After you get home, the skins need to be dried. Leaving them folded and wet can deteriorate the glue and create headaches later on. The best way to dry skins is simply hang them vertically until dry. When they’re dry, fold or roll them like you did while skiing, and store them away. Mine always go directly back into my touring pack. When the last of the snow has melted, I toss them in my ski gear bin for the summer. Especially for prolonged periods of time and the off-season, I like the store my skins in a cool, dark and dry place.

Many skins will come with “Skin-Savers“, which are simply plastic sheets that you apply to the glue-side of the skin prior to folding. They are designed to preserve the glue and make peeling your skins apart a lot easier. They work well when the skins are new, especially with the super sticky G3 glue, but after using the skins a few times Skin-Savers aren’t really needed to make peeling easier.

Maintaining Your Climbing Skins

If you end up neglecting your skins or the inevitable layer of pine needles and dog hair gets too thick, you may need to renew the glue to keep them sufficiently sticky. Skin glue either comes in a tube or as tape sheets. The tube glue is great for repairing small blemishes in the glue. If you need to replace large sections, the tape is the best option.

I also like to wax my skins with Black Diamond’s Glop Stopper Wax. If you’ve ever toured on a sunny, open slope then made your way into the shade of some trees, you’ve probably experienced the day-wrecker that is glopping. The transition between warm and colder conditions causes snow to stick to your skins, which really sucks when you’re already having a time schlepping yourself up the hill.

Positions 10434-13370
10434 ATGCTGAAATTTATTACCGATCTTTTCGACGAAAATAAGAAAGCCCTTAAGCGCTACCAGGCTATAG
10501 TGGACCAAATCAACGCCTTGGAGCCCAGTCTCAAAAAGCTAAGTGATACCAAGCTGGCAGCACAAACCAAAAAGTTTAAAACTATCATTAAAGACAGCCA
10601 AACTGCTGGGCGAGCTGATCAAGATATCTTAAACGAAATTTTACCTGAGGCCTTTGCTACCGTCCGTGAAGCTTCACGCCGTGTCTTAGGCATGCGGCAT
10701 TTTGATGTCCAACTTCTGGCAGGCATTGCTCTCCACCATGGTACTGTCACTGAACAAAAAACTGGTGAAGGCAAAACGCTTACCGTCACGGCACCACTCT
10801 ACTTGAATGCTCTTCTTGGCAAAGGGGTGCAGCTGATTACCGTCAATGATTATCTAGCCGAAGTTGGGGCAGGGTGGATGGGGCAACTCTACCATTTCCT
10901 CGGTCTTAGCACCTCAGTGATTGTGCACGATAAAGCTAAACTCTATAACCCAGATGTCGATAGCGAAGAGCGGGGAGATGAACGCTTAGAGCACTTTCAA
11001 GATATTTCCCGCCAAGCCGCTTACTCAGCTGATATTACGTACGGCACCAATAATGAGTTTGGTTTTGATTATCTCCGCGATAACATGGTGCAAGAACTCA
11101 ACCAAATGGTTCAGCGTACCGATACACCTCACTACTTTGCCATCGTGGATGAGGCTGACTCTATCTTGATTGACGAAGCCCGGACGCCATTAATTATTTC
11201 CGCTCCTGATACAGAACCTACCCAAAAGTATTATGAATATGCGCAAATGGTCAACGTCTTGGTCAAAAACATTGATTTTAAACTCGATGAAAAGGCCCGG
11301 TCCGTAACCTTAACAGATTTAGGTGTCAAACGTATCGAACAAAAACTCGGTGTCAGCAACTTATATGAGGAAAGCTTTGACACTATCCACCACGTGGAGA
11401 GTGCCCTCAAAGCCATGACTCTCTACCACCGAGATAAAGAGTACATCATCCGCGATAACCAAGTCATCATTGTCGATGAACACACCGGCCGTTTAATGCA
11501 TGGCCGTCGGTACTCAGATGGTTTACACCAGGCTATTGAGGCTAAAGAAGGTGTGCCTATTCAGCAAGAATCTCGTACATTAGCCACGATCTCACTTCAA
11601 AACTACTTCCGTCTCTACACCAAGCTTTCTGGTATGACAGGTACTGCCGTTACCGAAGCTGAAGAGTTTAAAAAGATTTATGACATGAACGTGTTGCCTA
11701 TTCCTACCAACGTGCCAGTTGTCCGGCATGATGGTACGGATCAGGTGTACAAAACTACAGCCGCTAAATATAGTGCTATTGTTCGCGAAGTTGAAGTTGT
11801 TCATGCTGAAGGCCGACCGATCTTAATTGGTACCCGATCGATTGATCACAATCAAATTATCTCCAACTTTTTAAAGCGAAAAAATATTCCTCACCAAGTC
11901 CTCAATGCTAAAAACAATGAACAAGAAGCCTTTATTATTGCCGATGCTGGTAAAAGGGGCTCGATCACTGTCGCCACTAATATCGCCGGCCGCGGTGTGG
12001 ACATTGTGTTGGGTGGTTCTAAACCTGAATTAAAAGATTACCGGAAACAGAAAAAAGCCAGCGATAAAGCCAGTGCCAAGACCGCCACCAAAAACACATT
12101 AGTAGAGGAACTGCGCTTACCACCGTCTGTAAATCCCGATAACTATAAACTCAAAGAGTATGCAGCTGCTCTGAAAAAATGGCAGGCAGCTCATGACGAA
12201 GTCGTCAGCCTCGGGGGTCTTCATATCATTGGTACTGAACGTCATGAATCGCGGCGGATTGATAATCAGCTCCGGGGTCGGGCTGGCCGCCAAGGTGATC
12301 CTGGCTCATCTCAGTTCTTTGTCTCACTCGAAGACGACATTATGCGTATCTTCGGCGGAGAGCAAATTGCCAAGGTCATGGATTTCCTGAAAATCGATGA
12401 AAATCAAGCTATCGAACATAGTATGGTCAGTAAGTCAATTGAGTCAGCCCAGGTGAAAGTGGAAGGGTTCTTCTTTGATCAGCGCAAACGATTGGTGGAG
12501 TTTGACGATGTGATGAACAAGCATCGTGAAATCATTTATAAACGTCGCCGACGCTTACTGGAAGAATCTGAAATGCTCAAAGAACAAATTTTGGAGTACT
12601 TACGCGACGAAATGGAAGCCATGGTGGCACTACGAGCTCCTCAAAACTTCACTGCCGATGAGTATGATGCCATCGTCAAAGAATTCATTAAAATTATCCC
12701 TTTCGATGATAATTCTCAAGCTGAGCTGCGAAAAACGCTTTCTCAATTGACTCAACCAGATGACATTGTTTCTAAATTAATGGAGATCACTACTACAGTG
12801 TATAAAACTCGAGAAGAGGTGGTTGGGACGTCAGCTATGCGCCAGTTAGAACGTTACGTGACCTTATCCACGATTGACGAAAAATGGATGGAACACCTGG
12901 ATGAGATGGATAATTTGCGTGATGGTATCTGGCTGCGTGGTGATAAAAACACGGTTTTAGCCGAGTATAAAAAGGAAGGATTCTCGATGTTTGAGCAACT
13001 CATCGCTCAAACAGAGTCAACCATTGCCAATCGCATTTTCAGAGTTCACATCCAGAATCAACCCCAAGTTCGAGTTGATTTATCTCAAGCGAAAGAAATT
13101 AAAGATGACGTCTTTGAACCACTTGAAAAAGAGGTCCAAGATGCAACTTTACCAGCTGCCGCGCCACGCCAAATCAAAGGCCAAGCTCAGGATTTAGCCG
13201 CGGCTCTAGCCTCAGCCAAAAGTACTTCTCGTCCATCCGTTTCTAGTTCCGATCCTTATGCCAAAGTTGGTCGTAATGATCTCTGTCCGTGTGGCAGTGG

To stop this, bring along a small piece of the Glop Stopper Wax when you head out on a tour. If you start to pick up snow, remove your skis and thoroughly scrape all of the snow and water out of the skin’s hairs (a credit card or small wax scraper works best). Then take the wax and vigorously rub it back and forth, covering the whole skin. Click back in and enjoy being glop-free.

Prepare for the Worst

It should go without saying that the world’s best product is an essential to any touring kit. One of the many uses of a Voile Ski Strap is to reattach a climbing skin with a busted tail clip. This seems to happen an awful lot, usually at the worst possible time, but a simple Voile strap around the skin and ski is a super quick fix that stops the whole trip from being ruined. I recommend getting several straps in different sizes, because these things have a host of other uses besides fixing skins.

If you have any other questions about climbing skins or AT gear, please reach out to one of our Expert Gearheads. I’ll see you on the skin track!


How to Choose Alpine Touring Bindings

Touring Tips: Skinning Techniques

How to Choose an Alpine Touring Ski

How to Get into Ski Touring: Essential Gear

How to Lighten Your Touring Setup

Out of Bounds, Sidecountry, Slackcountry: It’s all Backcountry


Climbing Skins